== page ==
Genetic analysis of symbiosome formation

E. Ovchinnikova

Research output: Thesisinternal PhD, WU


Endosymbiotic interactions form a fundament of life as we know it and are characterized by the formation of new specialized membrane compartments, in which the microbes are hosted inside living plant cells. A striking example is the symbiosis between legumes and nitrogen-fixing Rhizobium bacteria (rhizobia), which represents the most important source of biologically fixed nitrogen. The accommodation of rhizobia as novel nitrogen-fixing organelles, called symbiosomes, inside the cells of a novel organ, the root nodule, forms the heart of this ecologically and agriculturally important symbiosis. Understanding how these organelles are made will be keystone to exploit this symbiosis for sustainable agriculture in the future. In this thesis, we undertook a genetic approach to identity key components that control symbiosome formation especially in the genetically well-characterized garden pea (Pisum sativum) system. At the start of this thesis, the most extensive and morphologically best-characterized collection of mutants impaired in symbiosome formation was, and currently still is, available in pea. However, the cloning of the corresponding genes is severely hampered by its large genome size and recalcitrance to genetic transformation. Therefore, we used the model legume Medicago truncatula (Medicago) as reference genome to clone pea symbiosome mutants via a synteny-based cloning approach. We focused especially on three mutants in pea, named sym33, sym41 and sym31, which are affected most early in symbiosome formation: namely blocked in the release of bacteria from cell wall bound infection threads inside root nodule cells (sym33 and sym41) or induction of the subsequent differentiation of the symbiosomes (sym31).
In Chapter 1, a general introduction is given on the process of symbiosome formation in legume root nodules. In this introduction, we focus on mechanisms by which these new nitrogen-fixing organelles are formed and address some of the recent insights, most of which were obtained after the start of this thesis, into plant components that control this process, which have been obtained from genetic studies in pea and the model legumes Medicago and Lotus japonicus (Lotus).
Pea is part of the Papillionoid legume subfamily and closely related to the model legume Medicago. It has been shown that there is extensive synteny between the pea and Medicago genomes, which offers an efficient strategy to clone pea gene using Medicago as intergenomic cloning vehicle. In Chapter 2, we outline this synteny-based cloning approach and the molecular tools that we created to clone the pea genes required for symbiosome formation. In addition, we describe an efficient method to obtain transgenic roots via Agrobacterium rhizogenes mediated root transformation in pea that facilitates the functional analysis of pea genes in root endosymbioses.
In Chapter 3, we report the cloning of the pea Sym33 and Medicago SYM1 genes those mutants are most strongly impaired in their ability to form symbiosomes, i.e. the release of rhizobia from the cell wall bound infection threads. Both pea Sym33 and Medicago SYM1 encode the interacting protein of DMI3, IPD3. IPD3 was shown to interact with DMI3/CCaMK, a calcium- and calmodulin-dependent kinase that is an essential component of the common symbiotic signalling pathway for both rhizobial symbiosis and arbuscular mycorrhiza. Our data reveal a novel, key role for IPD3 in symbiosome formation and development. Further, we show that MtIPD3 is required for the expression of a nodule-specific remorin MtSYMREM1, which is required for proper infection thread growth and essential for symbiosome formation.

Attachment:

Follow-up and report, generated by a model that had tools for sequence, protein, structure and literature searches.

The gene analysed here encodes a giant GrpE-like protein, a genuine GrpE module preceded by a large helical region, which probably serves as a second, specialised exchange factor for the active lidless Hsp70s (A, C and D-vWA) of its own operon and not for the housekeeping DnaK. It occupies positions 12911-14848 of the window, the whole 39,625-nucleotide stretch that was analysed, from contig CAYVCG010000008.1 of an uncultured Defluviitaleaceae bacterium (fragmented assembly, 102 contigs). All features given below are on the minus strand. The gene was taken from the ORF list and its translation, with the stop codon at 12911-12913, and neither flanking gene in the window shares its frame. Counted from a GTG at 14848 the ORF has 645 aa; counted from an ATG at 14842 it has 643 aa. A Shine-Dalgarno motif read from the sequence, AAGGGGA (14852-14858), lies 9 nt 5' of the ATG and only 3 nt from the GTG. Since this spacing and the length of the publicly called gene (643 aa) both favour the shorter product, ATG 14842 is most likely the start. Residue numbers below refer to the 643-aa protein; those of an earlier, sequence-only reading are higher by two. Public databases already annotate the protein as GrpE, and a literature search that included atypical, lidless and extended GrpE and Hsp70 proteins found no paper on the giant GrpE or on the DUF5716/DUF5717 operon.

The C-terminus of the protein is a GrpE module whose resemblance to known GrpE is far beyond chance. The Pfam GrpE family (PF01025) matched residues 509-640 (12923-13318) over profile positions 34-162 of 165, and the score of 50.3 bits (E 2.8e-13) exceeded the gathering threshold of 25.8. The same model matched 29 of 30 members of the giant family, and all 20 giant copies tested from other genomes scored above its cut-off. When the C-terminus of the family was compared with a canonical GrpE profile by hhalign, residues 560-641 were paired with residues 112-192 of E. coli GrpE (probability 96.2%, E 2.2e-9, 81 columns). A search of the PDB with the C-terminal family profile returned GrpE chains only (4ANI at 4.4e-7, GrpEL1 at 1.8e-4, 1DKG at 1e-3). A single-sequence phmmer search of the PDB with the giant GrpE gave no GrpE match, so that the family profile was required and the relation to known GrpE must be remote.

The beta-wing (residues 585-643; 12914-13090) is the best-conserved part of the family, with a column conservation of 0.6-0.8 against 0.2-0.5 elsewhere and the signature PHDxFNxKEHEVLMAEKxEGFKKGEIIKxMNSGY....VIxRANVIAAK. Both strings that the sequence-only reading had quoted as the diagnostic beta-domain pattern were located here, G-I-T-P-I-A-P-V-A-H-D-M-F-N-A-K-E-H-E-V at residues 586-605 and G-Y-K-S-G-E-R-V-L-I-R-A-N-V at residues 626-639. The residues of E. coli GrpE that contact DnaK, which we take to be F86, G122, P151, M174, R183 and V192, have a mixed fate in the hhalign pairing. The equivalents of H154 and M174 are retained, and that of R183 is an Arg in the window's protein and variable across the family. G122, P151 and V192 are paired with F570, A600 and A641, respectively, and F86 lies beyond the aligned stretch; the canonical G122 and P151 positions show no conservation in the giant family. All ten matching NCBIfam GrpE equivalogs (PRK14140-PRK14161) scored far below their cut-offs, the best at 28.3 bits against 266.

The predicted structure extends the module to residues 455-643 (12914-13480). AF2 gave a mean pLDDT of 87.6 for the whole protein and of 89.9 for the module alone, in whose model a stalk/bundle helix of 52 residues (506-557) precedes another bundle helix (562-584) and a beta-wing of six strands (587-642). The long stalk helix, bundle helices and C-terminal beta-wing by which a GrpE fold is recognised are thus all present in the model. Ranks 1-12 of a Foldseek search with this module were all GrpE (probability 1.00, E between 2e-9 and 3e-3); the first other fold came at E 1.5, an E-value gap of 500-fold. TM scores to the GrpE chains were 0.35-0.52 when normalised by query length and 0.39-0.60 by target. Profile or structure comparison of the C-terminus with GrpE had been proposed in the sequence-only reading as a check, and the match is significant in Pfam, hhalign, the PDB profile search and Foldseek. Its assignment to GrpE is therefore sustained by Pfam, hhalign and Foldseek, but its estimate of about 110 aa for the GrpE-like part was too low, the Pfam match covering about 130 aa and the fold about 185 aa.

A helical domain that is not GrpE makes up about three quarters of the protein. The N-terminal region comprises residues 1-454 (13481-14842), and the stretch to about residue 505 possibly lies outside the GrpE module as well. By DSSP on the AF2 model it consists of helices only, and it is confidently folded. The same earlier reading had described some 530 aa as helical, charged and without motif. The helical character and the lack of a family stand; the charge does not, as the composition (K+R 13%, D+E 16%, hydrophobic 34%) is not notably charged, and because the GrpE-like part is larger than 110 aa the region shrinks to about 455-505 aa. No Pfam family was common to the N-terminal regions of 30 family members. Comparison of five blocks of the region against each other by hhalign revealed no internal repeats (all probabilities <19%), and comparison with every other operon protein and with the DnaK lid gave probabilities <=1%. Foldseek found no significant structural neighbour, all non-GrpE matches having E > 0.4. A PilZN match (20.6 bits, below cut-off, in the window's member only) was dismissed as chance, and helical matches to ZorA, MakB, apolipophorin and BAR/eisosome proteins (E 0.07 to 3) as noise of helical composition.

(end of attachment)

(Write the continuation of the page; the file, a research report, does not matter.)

In Chapter 4, we report the synteny-based cloning of the pea sym41 mutant that is also impaired in the release of the bacteria from the infection threads. We show that Sym41 represents a weak allele of the common symbiotic signalling gene PsSym19/MtDMI2, a leucine-rich repeat domain containing receptor kinase that is essential for both rhizobial and mycorrhizal endosymbioses. Sym41 contains a splice-site mutation in intron 9, by which the formation of a functional transcript is reduced by ~90%. The implication of Sym19/DMI2 together with the identified role of Sym33/IPD3 in symbiosome formation (Chapter 3) strongly indicate that rhizobia have co-opted the signalling pathway from the ancient arbuscular mycorrhiza to be hosted as new organelles inside root nodule cells.
In Chapter 5, we describe the synteny-based mapping of pea sym31, a mutant impaired in symbiosome differentiation. By making use of the synteny with Medicago, we fine mapped the Sym31 gene to a region of ~2.5 cM, which corresponds to a <450 kb region in Medicago. In this syntenic region, one gene MtN3.1, a putative sugar transporter stands out as prime candidate to control symbiosome differentiation. We describe and discuss our efforts to determine the role of this gene in symbiosome differentiation in pea and Medicago.
In Chapter 6, we summarize and discuss our current insight into symbiosome formation and its relation to the arbuscular mycorrhiza and we give a perspective on the future of cloning the pea genes required for endosymbioses.

Original languageEnglish
QualificationDoctor of Philosophy
Awarding Institution
  • Wageningen University
  • Bisseling, Ton, Promotor
  • Tikhonovich, I.A., Promotor, External person
  • Limpens, Erik, Co-promotor
Award date19 Sept 2012
Place of PublicationS.l.
Print ISBNs9789461733610
Publication statusPublished - 2012


  • rhizobium
  • fabaceae
  • endosymbiosis
  • root nodules
  • gene regulation
  • molecular genetics
  • molecular biology
  • plant-microbe interactions


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